Why crate train a puppy?
Crates are essential to a puppy’s safety when you are not at home. Chewing carpet, wood, trash etc. can have a deadly outcome for your Dandie. In addition, a crate can be a Dandie’s comfort or personal space when he is not sure about his surroundings. Leaving a crate door open allows an older Dandie to enjoy retreating to a crate as if it were his ‘own room’ especially during times when he is tired or there is extra activity going on around him such as children visiting.
So, how do I crate train a Dandie puppy?
If I say to you, “Come and sit to the table for a cup of coffee.” You will sit up to the table for coffee without a concern. It is that simple when it comes to crate training. When you are training a Dandie puppy to feel comfortable in his crate, you might consider the technique we use.
At mealtime, place the puppy’s food in his bowl and put it in his crate with the door shut. (Why? The food will be a fun event, the shut door prevents him from going in prematurely. You will want the opportunity to get him accustomed to the sound of the door opening and closing, and you want to teach him a command so he knows when to go to his crate.)
Gently and quietly pickup the pup, give him a scratch behind the ear, then quietly walk to the crate. (Why? The pup begins the exercise feeling comfortable and secure, with no distractions such as verbal chatter or treats or ‘come’ commands etc)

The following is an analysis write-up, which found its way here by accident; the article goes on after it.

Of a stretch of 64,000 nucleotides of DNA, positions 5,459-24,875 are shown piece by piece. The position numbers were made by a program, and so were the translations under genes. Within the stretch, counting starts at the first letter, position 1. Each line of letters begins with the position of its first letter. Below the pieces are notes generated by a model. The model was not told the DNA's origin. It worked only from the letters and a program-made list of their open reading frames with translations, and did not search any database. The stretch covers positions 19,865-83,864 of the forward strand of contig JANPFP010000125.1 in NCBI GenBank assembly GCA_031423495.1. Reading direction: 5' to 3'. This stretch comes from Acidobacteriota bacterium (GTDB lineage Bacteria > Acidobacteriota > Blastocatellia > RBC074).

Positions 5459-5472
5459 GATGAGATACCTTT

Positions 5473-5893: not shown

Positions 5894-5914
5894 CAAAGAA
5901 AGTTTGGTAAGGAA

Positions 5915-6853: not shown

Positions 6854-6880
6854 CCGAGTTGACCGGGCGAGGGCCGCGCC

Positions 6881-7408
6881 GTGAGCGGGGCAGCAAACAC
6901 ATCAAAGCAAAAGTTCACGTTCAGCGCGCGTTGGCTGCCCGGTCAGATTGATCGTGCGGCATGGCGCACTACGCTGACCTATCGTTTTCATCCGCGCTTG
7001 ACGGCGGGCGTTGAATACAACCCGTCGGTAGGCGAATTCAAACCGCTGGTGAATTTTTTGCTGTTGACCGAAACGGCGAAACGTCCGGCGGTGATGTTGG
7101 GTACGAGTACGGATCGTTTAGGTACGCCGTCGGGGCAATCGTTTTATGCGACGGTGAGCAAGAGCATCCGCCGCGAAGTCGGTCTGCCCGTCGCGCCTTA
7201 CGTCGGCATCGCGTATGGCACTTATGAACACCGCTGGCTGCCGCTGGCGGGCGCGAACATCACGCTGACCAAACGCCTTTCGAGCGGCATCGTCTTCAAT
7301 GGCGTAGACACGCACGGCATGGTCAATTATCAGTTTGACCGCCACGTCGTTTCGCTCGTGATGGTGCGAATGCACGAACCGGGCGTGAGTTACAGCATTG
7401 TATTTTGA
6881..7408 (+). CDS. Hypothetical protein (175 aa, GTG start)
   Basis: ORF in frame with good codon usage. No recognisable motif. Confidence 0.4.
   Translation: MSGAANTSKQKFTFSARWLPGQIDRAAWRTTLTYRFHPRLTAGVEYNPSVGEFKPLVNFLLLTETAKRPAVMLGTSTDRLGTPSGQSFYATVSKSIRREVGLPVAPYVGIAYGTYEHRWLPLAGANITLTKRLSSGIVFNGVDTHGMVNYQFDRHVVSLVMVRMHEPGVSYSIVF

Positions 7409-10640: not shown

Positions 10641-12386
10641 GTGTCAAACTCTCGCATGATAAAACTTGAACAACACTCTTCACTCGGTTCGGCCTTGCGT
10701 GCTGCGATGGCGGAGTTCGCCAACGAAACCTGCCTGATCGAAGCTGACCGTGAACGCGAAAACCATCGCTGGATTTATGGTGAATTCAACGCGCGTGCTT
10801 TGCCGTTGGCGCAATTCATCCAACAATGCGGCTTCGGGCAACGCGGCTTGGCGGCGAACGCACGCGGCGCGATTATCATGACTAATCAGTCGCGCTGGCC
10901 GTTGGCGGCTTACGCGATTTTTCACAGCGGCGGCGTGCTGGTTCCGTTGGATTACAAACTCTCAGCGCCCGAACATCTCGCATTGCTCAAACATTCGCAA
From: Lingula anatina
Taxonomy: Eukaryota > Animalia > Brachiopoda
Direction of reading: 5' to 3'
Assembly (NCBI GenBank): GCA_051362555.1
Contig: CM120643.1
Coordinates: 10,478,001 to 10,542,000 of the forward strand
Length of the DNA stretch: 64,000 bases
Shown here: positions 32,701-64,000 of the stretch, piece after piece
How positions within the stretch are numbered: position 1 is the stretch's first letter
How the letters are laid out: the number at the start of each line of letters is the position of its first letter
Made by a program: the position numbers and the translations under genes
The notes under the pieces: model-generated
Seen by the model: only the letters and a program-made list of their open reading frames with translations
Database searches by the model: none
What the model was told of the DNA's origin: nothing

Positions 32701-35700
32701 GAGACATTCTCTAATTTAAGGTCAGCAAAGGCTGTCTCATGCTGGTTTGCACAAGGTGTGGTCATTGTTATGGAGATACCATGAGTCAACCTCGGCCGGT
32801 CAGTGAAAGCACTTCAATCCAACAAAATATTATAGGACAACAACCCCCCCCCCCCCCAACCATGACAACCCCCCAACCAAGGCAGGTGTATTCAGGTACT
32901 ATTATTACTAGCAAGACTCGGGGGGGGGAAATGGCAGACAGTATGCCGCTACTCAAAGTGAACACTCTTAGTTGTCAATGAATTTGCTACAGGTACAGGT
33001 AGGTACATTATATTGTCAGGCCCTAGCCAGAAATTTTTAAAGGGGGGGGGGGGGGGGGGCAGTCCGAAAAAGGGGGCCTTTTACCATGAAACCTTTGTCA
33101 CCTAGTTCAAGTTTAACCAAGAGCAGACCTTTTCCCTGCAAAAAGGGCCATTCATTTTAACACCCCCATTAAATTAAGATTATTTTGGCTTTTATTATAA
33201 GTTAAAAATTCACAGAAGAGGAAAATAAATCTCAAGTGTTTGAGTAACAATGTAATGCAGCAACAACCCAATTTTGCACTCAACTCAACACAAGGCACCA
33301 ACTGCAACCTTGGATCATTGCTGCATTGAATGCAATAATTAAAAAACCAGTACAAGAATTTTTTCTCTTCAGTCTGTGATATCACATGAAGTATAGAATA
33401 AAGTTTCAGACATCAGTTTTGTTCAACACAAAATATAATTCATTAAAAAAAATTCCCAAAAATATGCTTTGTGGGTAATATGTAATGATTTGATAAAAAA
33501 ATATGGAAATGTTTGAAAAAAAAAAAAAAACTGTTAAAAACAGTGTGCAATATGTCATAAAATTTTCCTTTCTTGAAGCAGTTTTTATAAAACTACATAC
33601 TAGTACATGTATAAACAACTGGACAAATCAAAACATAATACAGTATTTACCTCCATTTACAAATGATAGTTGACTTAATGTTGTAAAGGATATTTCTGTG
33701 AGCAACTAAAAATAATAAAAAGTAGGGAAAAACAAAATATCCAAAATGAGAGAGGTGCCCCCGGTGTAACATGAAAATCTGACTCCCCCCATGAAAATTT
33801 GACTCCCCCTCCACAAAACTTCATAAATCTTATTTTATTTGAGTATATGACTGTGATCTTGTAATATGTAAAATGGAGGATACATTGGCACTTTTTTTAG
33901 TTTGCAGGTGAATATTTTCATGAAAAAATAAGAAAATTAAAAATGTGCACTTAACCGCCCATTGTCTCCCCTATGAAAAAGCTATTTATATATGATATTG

Open the door and as you place the puppy in the crate in front of his food, say “Get in your bed”, then close the door. (Why? The only verbal your puppy will hear when he is placed in his crate is his command. Your command can be anything, some people use ‘get in your cave’, others just say ‘crate’. Whatever you choose, be sure you are CONSISTANTLY using the same command).
As soon as the meal is over open the door and take the puppy outside to eliminate. (Why? Successful crate training will also help you ‘potty-train’ your puppy. Eating a meal usually stimulates a puppy to defecate. You will want him to do that outside of course. So use the moment as a teachable moment and as you carry him outside, say his command for going outside, such as “Go out”).